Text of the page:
Homo Homini Lupus. Addressing Violence and Power Within Societies

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HOMO HOMINI LUPUS
Addressing Violence and Power within Societies

“The problems of violence may be cardinal to a proper
understanding of political life, yet the concept of violence remains elusive and often misunderstood”[1].
Scientists are asked to explain, define and describe the object of their studies, make questions and give answers helping people to be less scared about the various “world mysteries”. In social sciences, to define, to give an objective, almost scientific, brief description of something, is always a challenge. Nevertheless social scientist are in charge of explain, define and describe as well as their fellows. The tendency is to operate a sort of categorization of the main key concepts of social sciences, applying a scientific scheme that pushes to extract the core meanings from those concepts and then to express them in terms of pure objectivity. In this way concepts become universally understandable so they contribute to the enrichment and enlargement of knowledge. This procedure belongs to the human nature, it has been taken in consideration since the most ancient time when early philosophers questioned about the way of thinking, perceiving and defining the “cosmos”. Human beings are used to simplify, objectify and categorize the reality in order to be able to relate themselves with all the surrounding. Today neuroscientists talk about taxonomy[2], explaining in few passages how our brain works. «For instance, if you hear purring and feel fur rubbing against your leg, your brain knows to associate that sound and feeling with the fluffy four-legged object you see at your feet – and to group that whole multisensory chunk under the heading of “cat.” What’s more, years of cat experience have taught you that it makes no sense to think of a cat as if it were a piece of furniture, or a truck, or a weather balloon. In other words, an encounter with a cat carries a particular set of meanings for you – and those meanings determine which areas of your brain will perk up in the presence of a feline.»[3] The particular brain mechanism described above summarizes the process through which we attribute a meaning, categorize, label and classify the reality. So, if it works with a cat should it be the same also when we face more complex objects of reality as, for example, Violence? Yes, it is possible to answer that the physiological mechanism should be the same, however, trying to capture those kind of concepts, as for example the Violence one, requires much more efforts and caution. In social sciences Anthropologists are the ones who have put much attention in avoiding the “definition traps” while examining concepts as the one of violence that, they state, are embedded in the cultural and social contexts of the societies under study. Moreover they warn scholars not to underestimate the complexity and pitfalls that lie behind the attempt to define a key concept as the one of Violence, which is fundamental in several social sciences but also increasingly present, and sometimes misperceived, in the everyday life.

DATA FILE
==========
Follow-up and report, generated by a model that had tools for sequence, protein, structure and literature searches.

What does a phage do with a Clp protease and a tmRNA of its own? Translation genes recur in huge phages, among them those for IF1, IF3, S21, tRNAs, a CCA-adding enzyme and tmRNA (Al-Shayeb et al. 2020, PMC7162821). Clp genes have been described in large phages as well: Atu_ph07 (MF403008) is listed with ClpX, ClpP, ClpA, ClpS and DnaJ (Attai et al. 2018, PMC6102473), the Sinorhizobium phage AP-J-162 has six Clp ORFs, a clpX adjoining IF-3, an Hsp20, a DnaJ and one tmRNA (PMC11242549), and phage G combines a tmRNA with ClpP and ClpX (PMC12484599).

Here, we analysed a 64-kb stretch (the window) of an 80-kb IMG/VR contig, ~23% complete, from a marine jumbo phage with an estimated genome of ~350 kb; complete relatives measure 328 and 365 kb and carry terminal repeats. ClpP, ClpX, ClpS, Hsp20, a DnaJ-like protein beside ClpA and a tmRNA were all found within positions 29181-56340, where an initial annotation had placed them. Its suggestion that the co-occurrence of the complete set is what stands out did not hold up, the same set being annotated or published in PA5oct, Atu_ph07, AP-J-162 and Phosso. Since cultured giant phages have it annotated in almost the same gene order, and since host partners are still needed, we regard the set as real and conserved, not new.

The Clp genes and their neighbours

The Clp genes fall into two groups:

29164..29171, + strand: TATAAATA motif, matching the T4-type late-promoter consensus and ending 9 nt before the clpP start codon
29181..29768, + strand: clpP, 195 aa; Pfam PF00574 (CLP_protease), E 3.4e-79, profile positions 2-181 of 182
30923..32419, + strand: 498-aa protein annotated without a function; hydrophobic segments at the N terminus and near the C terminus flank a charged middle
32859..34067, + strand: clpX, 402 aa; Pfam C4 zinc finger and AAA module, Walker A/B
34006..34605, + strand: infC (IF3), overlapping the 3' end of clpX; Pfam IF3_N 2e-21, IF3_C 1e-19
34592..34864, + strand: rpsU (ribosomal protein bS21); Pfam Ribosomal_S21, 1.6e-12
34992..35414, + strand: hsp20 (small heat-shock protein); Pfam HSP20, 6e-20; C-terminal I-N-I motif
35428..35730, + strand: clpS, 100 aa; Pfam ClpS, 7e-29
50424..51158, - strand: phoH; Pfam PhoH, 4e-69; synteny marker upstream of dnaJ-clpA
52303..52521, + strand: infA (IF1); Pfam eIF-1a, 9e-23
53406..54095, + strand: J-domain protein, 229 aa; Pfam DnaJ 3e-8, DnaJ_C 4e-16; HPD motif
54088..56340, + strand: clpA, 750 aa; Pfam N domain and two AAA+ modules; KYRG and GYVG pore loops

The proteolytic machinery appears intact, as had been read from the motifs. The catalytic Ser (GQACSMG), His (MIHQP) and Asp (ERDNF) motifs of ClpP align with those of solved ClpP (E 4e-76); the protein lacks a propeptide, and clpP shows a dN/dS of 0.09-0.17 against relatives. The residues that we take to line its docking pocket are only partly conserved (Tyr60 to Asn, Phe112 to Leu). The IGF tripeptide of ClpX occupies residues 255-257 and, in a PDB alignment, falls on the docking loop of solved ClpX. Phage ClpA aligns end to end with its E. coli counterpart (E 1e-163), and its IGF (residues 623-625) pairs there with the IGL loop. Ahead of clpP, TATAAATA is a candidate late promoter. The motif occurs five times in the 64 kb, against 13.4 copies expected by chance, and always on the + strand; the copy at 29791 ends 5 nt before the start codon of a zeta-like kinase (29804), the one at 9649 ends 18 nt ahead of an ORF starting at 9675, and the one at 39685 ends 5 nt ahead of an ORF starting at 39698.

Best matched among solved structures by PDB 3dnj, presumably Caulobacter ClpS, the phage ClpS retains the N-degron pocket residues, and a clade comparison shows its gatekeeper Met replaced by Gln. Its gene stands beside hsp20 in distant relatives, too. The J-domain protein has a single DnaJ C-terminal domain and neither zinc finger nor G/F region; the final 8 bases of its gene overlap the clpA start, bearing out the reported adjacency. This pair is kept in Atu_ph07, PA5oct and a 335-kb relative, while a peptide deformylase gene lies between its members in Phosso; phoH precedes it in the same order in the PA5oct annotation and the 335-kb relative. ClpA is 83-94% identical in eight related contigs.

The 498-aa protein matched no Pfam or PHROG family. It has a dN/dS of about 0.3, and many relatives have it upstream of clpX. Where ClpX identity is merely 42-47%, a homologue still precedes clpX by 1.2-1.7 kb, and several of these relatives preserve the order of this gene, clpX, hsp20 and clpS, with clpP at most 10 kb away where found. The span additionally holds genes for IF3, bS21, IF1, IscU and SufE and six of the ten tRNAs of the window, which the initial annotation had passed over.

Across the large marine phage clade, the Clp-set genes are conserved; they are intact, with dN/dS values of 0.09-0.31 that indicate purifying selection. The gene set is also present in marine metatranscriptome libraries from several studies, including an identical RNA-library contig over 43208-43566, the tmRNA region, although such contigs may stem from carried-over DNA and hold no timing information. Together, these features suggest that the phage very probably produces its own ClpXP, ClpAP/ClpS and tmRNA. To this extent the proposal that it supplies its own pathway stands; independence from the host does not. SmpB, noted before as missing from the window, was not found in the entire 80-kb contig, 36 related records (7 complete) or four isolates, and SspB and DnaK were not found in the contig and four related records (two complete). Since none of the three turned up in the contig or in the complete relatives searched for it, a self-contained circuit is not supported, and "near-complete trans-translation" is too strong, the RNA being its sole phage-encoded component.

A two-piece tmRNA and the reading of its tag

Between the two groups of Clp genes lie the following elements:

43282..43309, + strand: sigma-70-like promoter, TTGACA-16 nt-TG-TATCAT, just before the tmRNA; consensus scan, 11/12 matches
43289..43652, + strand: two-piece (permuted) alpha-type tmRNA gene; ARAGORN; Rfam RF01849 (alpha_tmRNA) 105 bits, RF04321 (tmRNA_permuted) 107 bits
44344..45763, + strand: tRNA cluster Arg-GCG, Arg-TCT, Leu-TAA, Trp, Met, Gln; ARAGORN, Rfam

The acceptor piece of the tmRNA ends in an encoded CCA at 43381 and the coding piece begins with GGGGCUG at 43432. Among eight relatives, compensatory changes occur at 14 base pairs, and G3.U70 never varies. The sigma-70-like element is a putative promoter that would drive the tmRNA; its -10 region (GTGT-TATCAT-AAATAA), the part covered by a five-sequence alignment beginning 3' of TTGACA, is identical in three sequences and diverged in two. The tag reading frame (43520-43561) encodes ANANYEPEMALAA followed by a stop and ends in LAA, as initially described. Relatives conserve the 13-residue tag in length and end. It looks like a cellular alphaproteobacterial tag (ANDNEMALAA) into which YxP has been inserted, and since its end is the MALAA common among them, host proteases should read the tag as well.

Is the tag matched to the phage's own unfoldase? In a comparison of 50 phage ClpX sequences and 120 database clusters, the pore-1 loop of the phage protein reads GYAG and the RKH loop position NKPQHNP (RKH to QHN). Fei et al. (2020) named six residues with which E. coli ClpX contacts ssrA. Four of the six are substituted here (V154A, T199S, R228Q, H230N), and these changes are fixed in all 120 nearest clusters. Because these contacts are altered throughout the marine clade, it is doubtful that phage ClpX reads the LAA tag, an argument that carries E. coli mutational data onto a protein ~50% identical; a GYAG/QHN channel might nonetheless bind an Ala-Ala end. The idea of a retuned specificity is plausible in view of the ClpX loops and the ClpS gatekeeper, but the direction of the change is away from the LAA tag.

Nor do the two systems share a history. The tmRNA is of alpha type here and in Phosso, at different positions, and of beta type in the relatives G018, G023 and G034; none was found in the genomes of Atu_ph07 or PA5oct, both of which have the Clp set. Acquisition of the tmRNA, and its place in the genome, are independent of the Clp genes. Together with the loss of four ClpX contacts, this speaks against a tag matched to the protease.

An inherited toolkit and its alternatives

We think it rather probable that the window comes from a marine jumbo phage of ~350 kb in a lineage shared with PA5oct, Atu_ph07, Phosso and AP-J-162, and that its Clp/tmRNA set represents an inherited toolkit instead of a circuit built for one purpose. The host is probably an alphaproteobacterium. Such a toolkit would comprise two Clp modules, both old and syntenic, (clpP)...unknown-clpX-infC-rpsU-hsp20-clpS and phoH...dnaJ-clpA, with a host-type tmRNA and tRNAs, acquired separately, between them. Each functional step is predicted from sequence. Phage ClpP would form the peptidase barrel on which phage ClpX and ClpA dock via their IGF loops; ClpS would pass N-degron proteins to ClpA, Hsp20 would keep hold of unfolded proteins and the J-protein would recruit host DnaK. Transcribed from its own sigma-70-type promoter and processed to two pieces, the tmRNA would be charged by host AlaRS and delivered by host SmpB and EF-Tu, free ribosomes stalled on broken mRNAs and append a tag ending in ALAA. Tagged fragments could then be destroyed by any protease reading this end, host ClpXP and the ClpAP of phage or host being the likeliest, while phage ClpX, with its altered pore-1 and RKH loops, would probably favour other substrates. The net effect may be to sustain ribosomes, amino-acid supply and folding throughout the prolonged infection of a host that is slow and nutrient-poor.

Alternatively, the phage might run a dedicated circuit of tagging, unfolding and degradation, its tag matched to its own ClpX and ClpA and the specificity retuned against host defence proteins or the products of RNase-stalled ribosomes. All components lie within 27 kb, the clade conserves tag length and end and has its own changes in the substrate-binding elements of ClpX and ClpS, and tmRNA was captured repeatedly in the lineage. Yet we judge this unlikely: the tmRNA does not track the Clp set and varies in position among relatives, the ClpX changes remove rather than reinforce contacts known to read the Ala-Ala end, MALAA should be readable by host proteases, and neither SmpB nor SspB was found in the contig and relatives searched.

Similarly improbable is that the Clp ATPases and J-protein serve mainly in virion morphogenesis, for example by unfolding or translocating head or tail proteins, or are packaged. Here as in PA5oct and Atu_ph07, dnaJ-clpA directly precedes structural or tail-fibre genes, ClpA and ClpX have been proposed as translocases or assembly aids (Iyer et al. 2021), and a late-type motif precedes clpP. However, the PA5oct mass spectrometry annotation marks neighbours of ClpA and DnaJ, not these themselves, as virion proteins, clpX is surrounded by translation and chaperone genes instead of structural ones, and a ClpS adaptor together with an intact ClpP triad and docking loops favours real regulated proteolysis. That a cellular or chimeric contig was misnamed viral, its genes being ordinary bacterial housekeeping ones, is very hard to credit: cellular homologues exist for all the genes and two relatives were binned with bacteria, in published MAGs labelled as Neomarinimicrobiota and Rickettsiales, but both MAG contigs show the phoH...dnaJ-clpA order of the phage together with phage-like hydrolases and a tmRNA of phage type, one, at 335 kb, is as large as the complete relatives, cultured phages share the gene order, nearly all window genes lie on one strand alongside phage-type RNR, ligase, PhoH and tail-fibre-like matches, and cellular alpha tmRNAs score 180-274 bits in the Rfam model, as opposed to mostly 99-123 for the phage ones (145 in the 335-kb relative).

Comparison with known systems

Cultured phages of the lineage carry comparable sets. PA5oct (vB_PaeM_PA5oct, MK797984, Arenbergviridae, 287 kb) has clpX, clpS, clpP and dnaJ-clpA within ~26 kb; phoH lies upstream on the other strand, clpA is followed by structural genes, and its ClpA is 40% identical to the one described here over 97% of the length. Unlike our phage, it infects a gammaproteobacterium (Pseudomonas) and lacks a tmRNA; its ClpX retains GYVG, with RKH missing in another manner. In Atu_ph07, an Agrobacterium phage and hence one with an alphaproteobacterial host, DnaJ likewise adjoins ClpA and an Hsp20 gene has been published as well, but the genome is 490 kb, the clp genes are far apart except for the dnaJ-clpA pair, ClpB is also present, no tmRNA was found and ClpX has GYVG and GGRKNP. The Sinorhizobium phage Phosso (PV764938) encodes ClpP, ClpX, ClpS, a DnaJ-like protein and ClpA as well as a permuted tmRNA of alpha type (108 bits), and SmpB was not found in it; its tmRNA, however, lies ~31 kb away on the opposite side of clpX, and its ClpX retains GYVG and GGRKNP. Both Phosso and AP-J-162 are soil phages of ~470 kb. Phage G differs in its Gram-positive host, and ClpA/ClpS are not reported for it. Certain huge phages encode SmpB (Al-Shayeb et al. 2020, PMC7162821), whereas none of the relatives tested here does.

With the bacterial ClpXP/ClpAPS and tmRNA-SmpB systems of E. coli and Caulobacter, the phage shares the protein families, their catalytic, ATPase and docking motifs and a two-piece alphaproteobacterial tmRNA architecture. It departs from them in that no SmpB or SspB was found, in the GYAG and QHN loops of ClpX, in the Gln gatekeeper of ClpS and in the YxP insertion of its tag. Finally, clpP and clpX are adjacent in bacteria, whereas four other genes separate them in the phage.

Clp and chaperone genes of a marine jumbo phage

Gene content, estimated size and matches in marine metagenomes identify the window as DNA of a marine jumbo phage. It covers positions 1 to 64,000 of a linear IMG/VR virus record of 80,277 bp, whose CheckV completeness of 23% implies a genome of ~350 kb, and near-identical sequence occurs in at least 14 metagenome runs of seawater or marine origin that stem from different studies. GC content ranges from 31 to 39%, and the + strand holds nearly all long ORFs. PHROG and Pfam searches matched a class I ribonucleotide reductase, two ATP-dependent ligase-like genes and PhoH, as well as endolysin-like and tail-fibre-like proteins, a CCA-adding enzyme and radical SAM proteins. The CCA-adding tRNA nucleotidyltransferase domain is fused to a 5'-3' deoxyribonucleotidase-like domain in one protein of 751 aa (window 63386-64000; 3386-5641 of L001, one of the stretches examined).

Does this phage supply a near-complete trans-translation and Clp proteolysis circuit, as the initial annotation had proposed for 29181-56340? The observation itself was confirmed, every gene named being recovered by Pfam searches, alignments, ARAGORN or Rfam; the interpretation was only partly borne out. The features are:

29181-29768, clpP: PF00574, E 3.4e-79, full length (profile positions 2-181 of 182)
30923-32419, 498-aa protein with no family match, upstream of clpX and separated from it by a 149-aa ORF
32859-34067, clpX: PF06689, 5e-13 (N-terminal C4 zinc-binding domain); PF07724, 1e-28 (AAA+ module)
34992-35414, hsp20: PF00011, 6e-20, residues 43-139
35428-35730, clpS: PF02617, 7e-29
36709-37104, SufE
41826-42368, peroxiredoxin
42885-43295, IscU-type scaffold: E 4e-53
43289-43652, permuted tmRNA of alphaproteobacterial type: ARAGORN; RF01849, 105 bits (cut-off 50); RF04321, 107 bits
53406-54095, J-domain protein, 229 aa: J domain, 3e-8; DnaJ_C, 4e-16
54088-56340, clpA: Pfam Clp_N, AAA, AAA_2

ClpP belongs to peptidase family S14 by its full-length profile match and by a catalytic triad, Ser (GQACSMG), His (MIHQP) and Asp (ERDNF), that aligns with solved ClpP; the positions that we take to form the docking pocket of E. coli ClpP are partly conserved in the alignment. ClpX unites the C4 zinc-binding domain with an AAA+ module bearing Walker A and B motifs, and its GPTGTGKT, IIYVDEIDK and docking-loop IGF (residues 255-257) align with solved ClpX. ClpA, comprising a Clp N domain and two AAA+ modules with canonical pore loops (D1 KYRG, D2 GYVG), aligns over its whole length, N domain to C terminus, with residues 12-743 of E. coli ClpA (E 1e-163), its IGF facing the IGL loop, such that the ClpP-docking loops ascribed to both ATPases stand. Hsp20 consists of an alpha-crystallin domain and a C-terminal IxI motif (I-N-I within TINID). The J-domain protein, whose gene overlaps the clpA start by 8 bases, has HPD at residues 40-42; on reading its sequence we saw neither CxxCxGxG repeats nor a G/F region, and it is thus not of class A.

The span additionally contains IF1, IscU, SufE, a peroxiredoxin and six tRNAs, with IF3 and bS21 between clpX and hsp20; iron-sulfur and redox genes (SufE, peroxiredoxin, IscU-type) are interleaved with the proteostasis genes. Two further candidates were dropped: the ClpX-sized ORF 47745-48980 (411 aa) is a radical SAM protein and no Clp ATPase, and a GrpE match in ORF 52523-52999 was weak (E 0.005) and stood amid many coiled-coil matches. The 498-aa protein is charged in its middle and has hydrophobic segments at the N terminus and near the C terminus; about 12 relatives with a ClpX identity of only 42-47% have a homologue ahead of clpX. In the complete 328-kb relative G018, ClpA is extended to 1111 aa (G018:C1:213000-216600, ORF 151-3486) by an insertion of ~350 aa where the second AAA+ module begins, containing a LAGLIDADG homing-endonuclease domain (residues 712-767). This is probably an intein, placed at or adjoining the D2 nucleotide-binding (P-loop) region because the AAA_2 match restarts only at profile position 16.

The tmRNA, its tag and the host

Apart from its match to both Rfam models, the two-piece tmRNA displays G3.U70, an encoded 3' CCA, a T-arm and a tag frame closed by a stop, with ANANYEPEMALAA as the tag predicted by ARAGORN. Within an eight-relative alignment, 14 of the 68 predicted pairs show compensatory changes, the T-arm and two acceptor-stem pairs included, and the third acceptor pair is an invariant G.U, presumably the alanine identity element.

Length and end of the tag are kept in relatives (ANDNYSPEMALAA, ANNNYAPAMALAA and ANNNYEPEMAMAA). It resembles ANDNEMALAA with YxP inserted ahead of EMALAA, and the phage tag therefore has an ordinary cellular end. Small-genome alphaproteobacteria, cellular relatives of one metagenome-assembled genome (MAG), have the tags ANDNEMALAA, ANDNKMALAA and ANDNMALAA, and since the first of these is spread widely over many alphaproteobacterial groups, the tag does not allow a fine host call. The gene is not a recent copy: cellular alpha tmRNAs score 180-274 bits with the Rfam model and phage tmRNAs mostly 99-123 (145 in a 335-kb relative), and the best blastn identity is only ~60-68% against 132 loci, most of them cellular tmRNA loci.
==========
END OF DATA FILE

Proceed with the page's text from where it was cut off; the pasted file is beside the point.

Violence as a slippery concept.
«No one engaged in thought about history and politics can remain unaware of the enormous role of violence has always played in human affairs, and it is at first glance rather surprising that violence has been singled out seldom from special consideration [...] violence and it arbitrariness were taken for granted and therefore neglected; no one questions or examines what is obvious to all.»[4] Well, this is not completely true, fortunately, although the issues that emerge from investigate the definitions of Violence are really numerous, there are still some places in the academic dimension where to question and examine controversial concepts as the one of Violence. Nancy Sheper-Hughes and Philippe Bourgois accurately give us a taste of the present difficulties in their compendium, Violence in War and Peace: An Anthology, where, introducing the contents, they...
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